As leading comedians of their times, Mae West (1893–1980), Rosalind Russell (1907–1976) and Carole Lombard (1908–1942) continue to reach audiences in very individual ways. Mae West plays with feminine clichés, reversing established gender roles with ambiguous looks and suggestive language. In her roles as a self-confident career woman, Rosalind Russell captivates viewers with her quick-witted repartee while also surprising them with slapstick humor. Carole Lombard convinces audiences through her subtle elegance, sometimes as a spoiled heiress and millionaire, sometimes as an ambitious actress who wants to conquer the stage or screen.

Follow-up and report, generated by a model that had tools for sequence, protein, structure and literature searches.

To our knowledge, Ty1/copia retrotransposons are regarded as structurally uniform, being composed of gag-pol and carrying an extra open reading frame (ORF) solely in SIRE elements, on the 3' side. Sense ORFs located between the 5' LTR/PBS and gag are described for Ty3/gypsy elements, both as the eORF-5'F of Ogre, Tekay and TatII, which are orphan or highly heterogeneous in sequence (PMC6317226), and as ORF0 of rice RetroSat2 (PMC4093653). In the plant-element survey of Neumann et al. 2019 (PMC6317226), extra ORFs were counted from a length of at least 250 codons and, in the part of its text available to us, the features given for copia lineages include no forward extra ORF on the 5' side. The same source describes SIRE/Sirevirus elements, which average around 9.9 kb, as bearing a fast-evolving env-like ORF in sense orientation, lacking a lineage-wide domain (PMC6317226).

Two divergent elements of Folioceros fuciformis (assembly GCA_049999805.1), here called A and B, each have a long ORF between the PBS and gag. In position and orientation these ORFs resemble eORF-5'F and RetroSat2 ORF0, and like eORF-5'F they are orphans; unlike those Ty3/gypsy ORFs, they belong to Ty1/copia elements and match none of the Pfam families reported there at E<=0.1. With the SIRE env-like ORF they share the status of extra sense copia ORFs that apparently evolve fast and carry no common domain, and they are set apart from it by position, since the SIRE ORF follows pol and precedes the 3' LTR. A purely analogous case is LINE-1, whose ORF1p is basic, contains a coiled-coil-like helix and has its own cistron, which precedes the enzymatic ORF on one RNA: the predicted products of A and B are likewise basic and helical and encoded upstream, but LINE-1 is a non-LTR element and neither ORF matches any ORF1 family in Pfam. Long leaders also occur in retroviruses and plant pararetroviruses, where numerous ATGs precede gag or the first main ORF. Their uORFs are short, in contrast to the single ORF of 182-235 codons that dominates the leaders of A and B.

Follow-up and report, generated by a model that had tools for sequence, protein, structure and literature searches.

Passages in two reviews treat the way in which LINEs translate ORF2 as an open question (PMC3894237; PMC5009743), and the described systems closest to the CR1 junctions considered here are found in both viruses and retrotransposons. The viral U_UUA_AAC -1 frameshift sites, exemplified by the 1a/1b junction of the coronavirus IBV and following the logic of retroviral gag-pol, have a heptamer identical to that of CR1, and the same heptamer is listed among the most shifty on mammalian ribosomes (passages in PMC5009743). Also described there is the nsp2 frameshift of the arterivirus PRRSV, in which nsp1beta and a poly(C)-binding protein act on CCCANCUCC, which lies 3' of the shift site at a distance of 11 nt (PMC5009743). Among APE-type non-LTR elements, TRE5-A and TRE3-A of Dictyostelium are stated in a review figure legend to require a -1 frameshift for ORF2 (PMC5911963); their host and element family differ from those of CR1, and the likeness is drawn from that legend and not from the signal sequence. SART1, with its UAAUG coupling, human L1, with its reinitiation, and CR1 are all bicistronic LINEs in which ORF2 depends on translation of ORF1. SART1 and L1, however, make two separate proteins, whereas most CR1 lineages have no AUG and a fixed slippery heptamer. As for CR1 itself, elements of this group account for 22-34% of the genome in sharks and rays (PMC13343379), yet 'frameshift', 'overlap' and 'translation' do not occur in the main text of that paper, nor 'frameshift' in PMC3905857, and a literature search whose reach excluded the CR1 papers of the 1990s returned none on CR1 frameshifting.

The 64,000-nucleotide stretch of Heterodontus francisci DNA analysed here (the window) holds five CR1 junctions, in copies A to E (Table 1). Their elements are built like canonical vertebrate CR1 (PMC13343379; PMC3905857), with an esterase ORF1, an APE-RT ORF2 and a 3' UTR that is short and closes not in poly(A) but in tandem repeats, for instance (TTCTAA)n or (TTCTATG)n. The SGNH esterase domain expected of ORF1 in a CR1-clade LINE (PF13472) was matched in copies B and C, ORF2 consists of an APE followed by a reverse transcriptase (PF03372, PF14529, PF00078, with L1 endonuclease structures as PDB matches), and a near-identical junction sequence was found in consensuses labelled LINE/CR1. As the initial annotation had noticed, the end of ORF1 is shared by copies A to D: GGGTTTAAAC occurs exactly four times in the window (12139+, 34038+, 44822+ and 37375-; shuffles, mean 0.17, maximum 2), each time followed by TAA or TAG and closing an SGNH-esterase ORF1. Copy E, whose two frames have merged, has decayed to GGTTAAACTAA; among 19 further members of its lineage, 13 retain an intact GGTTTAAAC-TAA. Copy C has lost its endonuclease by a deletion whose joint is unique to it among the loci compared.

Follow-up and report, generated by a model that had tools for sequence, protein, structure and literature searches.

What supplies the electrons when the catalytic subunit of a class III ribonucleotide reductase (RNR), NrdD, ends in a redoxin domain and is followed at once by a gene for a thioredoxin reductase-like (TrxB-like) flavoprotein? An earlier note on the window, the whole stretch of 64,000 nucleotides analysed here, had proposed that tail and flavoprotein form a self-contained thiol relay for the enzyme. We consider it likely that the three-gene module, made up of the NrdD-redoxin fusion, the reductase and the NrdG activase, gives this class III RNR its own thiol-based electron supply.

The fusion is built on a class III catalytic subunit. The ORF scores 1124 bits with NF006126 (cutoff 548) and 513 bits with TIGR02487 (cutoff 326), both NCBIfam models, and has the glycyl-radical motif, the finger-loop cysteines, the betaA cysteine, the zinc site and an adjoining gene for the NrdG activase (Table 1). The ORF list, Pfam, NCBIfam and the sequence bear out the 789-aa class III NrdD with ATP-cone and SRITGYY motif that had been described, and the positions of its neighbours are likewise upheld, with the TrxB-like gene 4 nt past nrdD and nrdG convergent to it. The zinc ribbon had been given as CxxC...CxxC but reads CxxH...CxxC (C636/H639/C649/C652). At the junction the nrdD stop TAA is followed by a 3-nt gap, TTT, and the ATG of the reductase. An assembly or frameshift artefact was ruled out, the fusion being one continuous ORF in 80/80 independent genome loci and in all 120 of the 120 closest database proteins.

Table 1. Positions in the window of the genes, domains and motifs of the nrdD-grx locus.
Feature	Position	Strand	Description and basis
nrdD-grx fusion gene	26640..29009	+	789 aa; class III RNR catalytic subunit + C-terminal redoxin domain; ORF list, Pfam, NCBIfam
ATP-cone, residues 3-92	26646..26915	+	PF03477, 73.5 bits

Rainer Rother introduces these three screen legends in separate essays. He reveals how their comedies employed clichés, both playing with them as well as subverting them. West, Russell and Lombard’s memorable performances gave voice to courageous as well as graceful commentary in Hollywood’s golden era.